What is the characteristic distribution of rheumatoid arthritis (RA) in the hands on radiographs?

Updated: Mar 28, 2019
  • Author: Ian Y Y Tsou, MBBS, FRCR; Chief Editor: Felix S Chew, MD, MBA, MEd  more...
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The hands are affected symmetrically, and the disease process is usually visible first at the second and third MCP joints and the third PIP joint. The disease continues in the remainder of the MCP and PIP joints. Varying stages may be seen in different joints at a single point in time. DIP joint involvement without proximal involvement is rare.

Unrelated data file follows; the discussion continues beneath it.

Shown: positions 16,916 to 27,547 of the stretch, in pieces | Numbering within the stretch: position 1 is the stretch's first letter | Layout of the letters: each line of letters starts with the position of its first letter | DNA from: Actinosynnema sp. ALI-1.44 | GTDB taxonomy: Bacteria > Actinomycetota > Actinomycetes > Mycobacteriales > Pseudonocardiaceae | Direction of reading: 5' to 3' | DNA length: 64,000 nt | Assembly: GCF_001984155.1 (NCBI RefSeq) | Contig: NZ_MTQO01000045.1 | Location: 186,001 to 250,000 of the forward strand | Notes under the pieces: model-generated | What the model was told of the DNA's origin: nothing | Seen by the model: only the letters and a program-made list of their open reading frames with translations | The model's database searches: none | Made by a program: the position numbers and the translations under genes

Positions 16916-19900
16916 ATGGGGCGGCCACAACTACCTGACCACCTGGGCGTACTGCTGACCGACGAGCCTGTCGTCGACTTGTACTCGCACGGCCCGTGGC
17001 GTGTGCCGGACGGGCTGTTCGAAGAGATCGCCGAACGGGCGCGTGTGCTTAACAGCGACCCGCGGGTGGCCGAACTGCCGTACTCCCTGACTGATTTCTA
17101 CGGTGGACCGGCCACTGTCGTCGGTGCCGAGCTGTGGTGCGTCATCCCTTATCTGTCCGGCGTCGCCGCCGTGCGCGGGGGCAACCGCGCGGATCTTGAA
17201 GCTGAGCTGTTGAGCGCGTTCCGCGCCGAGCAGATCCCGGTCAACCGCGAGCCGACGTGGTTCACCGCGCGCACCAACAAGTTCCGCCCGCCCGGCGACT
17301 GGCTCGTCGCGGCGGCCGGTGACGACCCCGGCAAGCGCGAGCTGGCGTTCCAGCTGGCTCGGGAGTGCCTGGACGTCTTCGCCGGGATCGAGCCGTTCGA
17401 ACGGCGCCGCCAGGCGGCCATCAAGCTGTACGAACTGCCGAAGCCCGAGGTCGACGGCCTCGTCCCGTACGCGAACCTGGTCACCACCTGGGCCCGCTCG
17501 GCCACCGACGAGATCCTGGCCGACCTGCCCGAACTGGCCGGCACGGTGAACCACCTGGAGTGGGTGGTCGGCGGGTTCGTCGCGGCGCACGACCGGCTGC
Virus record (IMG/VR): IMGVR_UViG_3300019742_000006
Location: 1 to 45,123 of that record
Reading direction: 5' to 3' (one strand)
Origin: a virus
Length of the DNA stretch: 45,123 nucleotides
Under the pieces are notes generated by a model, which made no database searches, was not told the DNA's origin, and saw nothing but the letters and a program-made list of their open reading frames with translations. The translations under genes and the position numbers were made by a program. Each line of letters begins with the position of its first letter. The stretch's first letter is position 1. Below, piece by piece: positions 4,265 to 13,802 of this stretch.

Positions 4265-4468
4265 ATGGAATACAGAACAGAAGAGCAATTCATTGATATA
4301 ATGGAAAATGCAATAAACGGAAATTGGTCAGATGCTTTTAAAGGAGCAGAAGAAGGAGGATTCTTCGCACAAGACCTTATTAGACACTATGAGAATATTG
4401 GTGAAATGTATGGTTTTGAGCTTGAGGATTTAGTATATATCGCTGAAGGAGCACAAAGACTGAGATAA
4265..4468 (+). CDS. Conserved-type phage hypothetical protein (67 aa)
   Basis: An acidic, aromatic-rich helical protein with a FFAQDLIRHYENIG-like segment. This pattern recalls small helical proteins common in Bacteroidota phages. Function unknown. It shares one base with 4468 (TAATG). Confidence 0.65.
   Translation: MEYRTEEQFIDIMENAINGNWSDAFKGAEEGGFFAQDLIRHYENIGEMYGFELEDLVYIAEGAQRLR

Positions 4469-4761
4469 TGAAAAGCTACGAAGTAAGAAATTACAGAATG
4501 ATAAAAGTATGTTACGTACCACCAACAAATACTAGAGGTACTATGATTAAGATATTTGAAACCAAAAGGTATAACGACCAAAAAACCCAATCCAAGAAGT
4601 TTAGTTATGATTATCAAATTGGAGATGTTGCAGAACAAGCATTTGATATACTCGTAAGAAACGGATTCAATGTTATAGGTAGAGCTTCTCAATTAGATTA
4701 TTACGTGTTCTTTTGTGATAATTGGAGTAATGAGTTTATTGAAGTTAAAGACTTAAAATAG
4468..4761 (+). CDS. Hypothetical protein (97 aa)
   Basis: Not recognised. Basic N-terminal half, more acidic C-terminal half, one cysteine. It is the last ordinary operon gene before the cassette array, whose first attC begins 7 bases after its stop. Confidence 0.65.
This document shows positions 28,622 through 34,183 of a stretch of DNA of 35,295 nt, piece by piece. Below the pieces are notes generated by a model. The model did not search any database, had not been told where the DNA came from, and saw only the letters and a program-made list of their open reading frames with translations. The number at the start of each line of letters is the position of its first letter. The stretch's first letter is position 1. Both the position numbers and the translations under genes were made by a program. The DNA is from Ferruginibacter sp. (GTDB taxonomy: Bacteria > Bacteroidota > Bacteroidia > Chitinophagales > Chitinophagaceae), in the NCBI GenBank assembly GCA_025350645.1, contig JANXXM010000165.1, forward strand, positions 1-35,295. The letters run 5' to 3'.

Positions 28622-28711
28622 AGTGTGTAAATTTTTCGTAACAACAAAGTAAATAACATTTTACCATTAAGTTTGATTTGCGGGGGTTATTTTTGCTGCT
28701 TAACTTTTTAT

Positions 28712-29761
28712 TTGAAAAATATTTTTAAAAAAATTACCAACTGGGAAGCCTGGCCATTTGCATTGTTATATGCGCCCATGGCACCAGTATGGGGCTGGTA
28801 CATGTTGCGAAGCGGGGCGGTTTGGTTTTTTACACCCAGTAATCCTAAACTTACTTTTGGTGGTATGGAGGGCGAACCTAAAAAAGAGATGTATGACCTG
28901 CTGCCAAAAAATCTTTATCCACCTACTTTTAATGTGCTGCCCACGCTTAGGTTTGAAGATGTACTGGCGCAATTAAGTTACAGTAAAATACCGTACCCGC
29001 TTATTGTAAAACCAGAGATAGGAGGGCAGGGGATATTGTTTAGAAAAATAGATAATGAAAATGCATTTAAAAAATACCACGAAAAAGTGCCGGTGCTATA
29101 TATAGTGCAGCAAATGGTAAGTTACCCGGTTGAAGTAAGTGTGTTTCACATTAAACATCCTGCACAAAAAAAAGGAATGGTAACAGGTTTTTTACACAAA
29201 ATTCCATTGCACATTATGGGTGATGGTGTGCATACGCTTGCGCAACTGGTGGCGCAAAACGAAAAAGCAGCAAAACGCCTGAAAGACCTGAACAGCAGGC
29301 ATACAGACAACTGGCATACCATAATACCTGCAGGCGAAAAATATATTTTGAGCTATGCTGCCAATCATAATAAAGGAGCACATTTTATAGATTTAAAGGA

Erosions may be detected first either in the MCP and PIP joints or at the carpal bones. Erosions may also be seen at the intra-articular portion of the distal end of the radius or within the carpal bones. Carpal bone ankylosis is a common and fairly specific sign, particularly in the Asian population, in whom it tends to occur early in the disease process.

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